KPMG says it has asked a Hong Kong judge to force Yu Jieying, sister-in-law of Boaz Manor, founder of bankrupt Canadian hedge fund Portus, to reveal the whereabouts of the $8.8 million worth of diamonds bought with investors' money.
It is known that Manor bought the diamonds from diamond merchant MID in June, 2004, with cash from a Bermuda bank. The gems, including one of 22-carats, were picked up from a shop on four visits by Yu Jieying, and passed on to private banker Yitzhak Toiv. Yu says that she acted on instructions from Manor's wife, Wendy Yu, and had no idea what was in the packages. Manor himself has told Israeli questioners that Toiv still has the diamonds; but Toiv says he returned the gems to Yu.
Meanwhile, back in Canada, Boaz Manor and co-founder Michael Mendelson have been charged by the Ontario Securities Commission with failing to act in good faith with clients. Mendelson was also charged with unregistered trading and issuing securities without filing a prospectus. The maximum penalties are C$5 million and five years in jail.
Earlier, Commission had successfully browbeaten 55 investment and mutual fund dealers into agreeing to repay investors all fees received from the failed hedge fund, totalling $12m. The payments will be made by 31st May.
But KPMG is not yet offering a time-horizon for payouts of the bulk of Portus's assets. The firm says that $662.15 million (Canadian) and about $37.2 million (US) have been found and secured in 130 Portus bank and investment accounts in Canada, the Turks and Caicos and the Cayman Islands, out of more than $800m that was collected by Portus. The majority of Portus assets remain tied up in notes issued by France's Société Générale which were purchased for $529m, and mature between 2008 and 2011.
Investigators Search for Hedge-fund H.K. Diamonds
Date: Tuesday, May 16, 2006
Author: Thomson Dialog, NewsEdge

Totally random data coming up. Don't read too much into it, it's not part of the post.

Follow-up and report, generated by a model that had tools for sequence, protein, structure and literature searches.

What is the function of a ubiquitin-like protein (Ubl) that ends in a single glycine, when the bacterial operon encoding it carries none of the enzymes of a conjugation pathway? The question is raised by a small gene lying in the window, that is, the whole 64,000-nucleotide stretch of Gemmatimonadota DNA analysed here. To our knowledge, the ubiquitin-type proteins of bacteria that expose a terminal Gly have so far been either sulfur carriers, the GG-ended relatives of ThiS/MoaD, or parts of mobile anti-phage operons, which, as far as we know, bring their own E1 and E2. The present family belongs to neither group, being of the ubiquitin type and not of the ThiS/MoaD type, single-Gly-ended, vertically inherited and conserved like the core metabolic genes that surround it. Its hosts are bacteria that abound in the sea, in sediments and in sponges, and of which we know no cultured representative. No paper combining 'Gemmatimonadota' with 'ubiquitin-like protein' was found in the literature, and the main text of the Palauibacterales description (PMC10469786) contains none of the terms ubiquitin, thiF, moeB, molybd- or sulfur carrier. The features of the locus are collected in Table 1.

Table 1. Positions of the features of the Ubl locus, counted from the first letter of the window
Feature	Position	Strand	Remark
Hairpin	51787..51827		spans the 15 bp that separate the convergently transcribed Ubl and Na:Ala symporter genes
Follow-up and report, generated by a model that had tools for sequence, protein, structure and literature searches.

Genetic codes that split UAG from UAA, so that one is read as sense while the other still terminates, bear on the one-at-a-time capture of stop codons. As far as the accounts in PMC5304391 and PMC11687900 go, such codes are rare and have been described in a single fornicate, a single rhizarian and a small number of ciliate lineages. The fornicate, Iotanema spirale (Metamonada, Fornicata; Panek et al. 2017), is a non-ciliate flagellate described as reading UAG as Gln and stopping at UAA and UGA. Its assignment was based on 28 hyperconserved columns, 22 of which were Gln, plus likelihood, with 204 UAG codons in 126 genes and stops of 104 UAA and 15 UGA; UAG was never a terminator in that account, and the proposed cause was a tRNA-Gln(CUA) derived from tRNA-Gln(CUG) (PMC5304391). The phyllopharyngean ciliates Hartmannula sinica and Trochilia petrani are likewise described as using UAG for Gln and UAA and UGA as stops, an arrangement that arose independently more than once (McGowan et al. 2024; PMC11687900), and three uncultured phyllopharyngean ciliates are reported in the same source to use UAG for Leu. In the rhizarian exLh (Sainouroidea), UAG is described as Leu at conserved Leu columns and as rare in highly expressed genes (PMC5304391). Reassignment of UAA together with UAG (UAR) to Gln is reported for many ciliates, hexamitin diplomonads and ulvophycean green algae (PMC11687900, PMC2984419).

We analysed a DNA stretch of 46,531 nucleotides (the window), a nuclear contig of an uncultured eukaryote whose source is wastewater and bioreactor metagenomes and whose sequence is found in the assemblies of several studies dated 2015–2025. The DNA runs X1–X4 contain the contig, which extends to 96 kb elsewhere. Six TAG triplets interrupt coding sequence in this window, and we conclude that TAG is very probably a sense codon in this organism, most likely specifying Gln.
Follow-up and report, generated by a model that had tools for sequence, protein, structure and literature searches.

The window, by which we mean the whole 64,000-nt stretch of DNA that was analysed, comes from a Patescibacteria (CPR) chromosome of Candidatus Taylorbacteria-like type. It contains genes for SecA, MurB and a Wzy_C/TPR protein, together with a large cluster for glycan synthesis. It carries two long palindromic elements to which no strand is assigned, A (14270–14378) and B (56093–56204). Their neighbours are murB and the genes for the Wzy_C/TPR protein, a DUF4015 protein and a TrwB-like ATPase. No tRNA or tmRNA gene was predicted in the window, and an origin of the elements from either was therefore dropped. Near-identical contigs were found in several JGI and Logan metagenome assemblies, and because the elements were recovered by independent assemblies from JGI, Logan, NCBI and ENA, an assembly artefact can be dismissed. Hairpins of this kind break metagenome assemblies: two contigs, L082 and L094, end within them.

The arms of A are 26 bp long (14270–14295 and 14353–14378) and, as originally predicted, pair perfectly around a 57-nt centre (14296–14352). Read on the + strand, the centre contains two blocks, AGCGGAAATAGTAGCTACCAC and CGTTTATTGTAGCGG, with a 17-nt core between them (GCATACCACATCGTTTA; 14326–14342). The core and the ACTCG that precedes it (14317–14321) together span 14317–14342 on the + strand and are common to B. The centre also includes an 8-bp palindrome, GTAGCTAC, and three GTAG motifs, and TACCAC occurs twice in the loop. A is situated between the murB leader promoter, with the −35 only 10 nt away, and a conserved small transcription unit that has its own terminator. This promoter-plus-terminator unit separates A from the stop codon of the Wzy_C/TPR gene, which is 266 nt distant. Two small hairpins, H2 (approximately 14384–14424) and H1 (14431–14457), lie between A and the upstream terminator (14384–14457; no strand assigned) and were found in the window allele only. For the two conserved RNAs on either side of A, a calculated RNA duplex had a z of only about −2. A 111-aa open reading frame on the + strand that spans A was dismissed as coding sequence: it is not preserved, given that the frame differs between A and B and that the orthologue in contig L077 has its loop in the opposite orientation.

(Rapaport...South China Morning Post) Financial investigators are trying to locate a stash of 100 diamonds bought in Hong Kong using money linked to a high-profile hedge-fund scandal in Canada. The tangled web leading to the diamonds involves a Hong Kong diamond merchant, a Chinese woman with a Hong Kong identity card who made the purchase, and a Canadian hedge fund co-founder hiding in Israel. When the C$800 million Canadian hedge fund Portus Alternative Asset Management folded in 2005 following allegations that a co-founder misappropriated $95.4 million, it left 26,000 investors out of pocket. The race was on to trace and recover the embezzled cash before it disappeared forever. With all but $17.6 million recovered, investigators appointed to find the missing millions turned their attention to an $8.8 million diamond purchase conducted by Portus co-founder Boaz Manor in Hong Kong. KPMG was charged with winding up the defunct hedge fund. According to the company, Manor bought the diamonds in June via wire transfers from a Bermuda bank to diamond merchant MID (Hong Kong's) ABN Amro account. The diamonds, including a 22-carat gem, were picked up from a shop in Central by Manor's sister-in-law, Yu Jieying --a Hong Kong resident-- on four occasions last summer. A middleman, private banker Yitzhak Toiv, then picked up the diamonds from Yu's office, after which the trail goes dead. All attempts to find the diamonds have failed. The three people involved have all said they do not have the diamonds and do not know where they were. Under a Hong Kong High Court summons, Yu told KPMG that she acted on instructions from Manor's wife, Wendy Yu --her sister-- and had no idea what was in the packages. In testimony to courts in Israel --where Manor fled in 2005-- and in another interview with KPMG, Manor said Toiv still had the gems. Toiv said he returned the gems to Yu, who has denied receiving them.
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